No.2683670

>>2683644

THISTHISTHISTHISTHISTHIS


 No.2683763

>>2675042

This neatly summarizes everything that is cancerous in modern society.


 No.2684167

>>2675046

So in other words all postmodernists reject the theory of anthropogenic global warming, but not all global warming deniers are postmodernists.


 No.2684264

>>2675073

Effortpost coming through

In the video the post-modern is correctly identified as arising from realisation that the tools of modernism that led to the creation of the atomic bomb and other huge developments in technology also led to the creation of world-changing horrors. Although the video author doesn't reference it, the most famous elements of this are Hannah Arendt's "the banality of evil" or Theodor Adorno's "There can be no poetry after Auschwitz."

Neither of these thinkers are particularly considered 'post-modernists' but they are extremely influential in accounting for the main direction postmodernism has taken. The argument behind these ideas is that the logic of modernist reasoning which as we know is to lead us into a worthwhile future was also applied to running the concentration camps. As you may be aware from the Nuremberg trials, for example, the operation of the concentration camps was such that everyone had their own role, and no-one felt particularly morally responsible for what they were doing. They had targets to meet and their intellect was put to meeting these targets. Anyone who was opposed to what was going on individually felt unable to resist as their own power was limited in the face of the bureaucratic machinery that had been created. The banality of this system allowed for evil on an unimaginable scale. What benefit did our enlightenment values provide us? This was a focal point for the process of post-modernity to begin.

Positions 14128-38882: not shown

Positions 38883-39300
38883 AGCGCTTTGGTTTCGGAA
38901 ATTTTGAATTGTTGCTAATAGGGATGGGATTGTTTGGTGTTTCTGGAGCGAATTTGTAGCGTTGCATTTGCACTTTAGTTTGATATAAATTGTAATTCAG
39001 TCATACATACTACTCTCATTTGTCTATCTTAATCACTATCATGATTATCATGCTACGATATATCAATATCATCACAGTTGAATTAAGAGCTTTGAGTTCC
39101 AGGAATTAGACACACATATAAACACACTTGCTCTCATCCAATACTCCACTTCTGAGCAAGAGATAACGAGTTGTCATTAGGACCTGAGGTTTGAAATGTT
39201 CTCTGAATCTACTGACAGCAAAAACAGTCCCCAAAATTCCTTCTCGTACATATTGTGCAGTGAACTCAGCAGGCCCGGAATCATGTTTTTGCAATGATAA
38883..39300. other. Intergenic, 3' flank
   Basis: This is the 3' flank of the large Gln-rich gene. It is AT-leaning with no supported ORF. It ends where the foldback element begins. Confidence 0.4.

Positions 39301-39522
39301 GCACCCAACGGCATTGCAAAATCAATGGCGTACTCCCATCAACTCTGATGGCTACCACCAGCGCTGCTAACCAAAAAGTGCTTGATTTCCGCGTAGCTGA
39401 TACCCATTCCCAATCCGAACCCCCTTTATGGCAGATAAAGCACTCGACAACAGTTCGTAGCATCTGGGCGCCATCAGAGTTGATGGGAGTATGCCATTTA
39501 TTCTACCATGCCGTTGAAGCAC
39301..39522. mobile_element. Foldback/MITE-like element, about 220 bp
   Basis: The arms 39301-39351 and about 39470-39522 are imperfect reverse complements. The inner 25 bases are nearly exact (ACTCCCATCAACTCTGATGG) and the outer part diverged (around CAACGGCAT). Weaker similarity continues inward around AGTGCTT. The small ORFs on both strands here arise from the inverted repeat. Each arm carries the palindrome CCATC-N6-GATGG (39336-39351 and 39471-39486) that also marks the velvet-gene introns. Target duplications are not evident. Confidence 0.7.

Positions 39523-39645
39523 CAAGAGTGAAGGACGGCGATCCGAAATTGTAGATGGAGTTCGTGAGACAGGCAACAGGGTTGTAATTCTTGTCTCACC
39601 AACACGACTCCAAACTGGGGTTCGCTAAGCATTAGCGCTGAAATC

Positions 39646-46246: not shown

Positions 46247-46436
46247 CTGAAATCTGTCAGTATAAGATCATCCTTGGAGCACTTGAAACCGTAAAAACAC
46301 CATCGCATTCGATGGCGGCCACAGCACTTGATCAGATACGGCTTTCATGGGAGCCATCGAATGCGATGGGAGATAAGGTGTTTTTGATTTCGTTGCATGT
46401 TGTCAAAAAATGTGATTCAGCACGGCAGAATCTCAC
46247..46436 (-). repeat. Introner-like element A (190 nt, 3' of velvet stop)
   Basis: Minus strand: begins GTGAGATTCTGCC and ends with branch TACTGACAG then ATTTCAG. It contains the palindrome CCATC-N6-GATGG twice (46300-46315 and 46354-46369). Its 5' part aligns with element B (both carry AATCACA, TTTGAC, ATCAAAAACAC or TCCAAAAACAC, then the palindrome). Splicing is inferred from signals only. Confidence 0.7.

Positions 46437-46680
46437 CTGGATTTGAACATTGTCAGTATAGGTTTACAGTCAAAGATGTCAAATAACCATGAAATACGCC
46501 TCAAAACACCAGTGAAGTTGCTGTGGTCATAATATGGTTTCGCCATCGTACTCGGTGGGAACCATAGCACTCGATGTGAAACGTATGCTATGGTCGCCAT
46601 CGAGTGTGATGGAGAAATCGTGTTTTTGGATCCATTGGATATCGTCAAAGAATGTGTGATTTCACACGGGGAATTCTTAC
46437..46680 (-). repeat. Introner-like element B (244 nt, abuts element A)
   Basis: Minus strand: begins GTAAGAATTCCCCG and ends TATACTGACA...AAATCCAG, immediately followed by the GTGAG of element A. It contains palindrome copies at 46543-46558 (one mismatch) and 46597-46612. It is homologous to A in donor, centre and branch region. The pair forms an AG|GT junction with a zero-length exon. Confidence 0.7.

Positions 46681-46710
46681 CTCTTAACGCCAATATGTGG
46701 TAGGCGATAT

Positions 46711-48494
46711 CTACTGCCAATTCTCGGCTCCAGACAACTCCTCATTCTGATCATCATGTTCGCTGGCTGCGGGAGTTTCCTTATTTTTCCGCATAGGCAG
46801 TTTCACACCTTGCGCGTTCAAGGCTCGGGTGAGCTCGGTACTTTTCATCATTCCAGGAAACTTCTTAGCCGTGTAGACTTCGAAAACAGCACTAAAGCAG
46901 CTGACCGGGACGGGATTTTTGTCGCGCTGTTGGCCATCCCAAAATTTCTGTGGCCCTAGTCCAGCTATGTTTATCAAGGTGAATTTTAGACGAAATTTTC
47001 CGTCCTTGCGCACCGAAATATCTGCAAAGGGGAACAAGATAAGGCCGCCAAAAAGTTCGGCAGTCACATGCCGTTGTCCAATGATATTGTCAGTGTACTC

Where the author is trying to establish at 5:10 that "the certainty that institutions would use logic to progress us into the future was shattered. Now there is no longer a unified value system, unified moral system"… is poor. It suggests that there was a unified system before post-modernists destroyed it. Post-modernism concerned itself with revealing that in fact there never was a unified value system, that in fact this process was a metanarrative that obscured reality. The concentration camps and atom bombs are significant examples of this. Another element of this is the post-colonialist stuff like that excerpt of the black woman saying science is a western construct.